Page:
The Last Survivor is the First Suspect is at once a celebration and a requiem. The project, captured between 2005 and 2009 by photographer Nick Haymes, is a record of a drifting community of young friends based mainly between two distinct geographic points: Southern California and Tulsa, Oklahoma. The book's narrative merges a sense of joy in documenting burgeoning friendships and bonds, and a looming sense of dread that would ultimately culminate in a series of tragedies.
Weaving throughout Haymes intimate photographs are a series of digital screenshots which Haymes has identified as key to this moment in time, which offer the viewer a secondary narrative of engagement. Social media was still relatively young and Haymes became acutely aware of a new nodal sense of communication between these distinct groups of friends. Platforms such as MySpace, YouTube and online message boards engendered a sense of community by enabling connection, while also setting new and impossible standards and expectations. Diligently collected, these various forms of communication between the characters frame a foreboding.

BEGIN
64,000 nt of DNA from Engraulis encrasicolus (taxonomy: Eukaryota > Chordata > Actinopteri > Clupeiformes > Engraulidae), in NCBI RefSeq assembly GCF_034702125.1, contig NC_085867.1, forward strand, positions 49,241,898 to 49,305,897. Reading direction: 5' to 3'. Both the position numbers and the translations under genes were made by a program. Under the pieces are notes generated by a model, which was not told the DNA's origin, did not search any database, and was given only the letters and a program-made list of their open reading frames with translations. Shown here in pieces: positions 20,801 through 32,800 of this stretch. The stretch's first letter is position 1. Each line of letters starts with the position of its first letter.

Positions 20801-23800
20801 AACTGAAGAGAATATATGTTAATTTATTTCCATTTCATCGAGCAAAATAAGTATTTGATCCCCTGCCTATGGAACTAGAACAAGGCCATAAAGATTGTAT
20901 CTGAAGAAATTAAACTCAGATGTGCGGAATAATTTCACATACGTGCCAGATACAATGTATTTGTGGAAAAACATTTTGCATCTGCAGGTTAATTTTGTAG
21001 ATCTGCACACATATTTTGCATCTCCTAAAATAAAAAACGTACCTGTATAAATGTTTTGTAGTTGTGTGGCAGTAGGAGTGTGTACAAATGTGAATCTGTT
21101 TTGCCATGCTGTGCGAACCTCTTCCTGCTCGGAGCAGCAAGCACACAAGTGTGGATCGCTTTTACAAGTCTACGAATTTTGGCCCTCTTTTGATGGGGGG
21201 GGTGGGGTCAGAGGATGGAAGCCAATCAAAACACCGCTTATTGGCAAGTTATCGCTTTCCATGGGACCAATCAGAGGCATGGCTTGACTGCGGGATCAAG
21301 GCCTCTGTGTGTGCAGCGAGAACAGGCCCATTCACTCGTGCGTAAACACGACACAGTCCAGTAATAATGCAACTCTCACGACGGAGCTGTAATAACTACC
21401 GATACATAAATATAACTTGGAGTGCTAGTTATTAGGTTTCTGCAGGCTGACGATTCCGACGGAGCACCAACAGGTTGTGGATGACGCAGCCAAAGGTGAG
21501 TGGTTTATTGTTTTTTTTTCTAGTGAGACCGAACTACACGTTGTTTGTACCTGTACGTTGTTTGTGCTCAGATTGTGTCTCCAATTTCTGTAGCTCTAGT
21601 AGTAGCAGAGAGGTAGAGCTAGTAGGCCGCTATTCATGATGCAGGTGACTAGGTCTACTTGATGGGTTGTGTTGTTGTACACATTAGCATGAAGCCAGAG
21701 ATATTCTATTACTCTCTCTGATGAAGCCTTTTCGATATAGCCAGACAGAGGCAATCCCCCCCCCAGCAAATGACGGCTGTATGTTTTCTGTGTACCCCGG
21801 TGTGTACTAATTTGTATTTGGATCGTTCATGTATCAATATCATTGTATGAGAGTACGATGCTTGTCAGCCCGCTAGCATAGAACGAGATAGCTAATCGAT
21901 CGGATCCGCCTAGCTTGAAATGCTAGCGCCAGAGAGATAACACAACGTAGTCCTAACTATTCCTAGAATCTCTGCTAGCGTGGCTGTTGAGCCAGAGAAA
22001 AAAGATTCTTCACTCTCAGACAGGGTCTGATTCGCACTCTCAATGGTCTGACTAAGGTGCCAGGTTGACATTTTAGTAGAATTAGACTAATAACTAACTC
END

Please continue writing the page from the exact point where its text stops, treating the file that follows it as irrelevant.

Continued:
In Haymes’ own introduction to the book he accounts how his camera allowed him to compensate for a sense of crippling shyness developed during his teenage years. ’I picked up a camera and hid, discovering I could once again be near people, intimate with them, without having to engage,’ he writes. To create this exhibition and publication, the artist has returned to a body of pictures, piecing together what happened to these people for himself. Here, Haymes invites us to form a contemporary engagement with this specific historic moment, where things are both different and the same in equal measure. L.P. Hartley famously opened his coming of age opus The Go-Between ’The past is a foreign country; they do things differently there.’ The Last Survivor is the First Suspect shows this sentiment with remarkable clarity.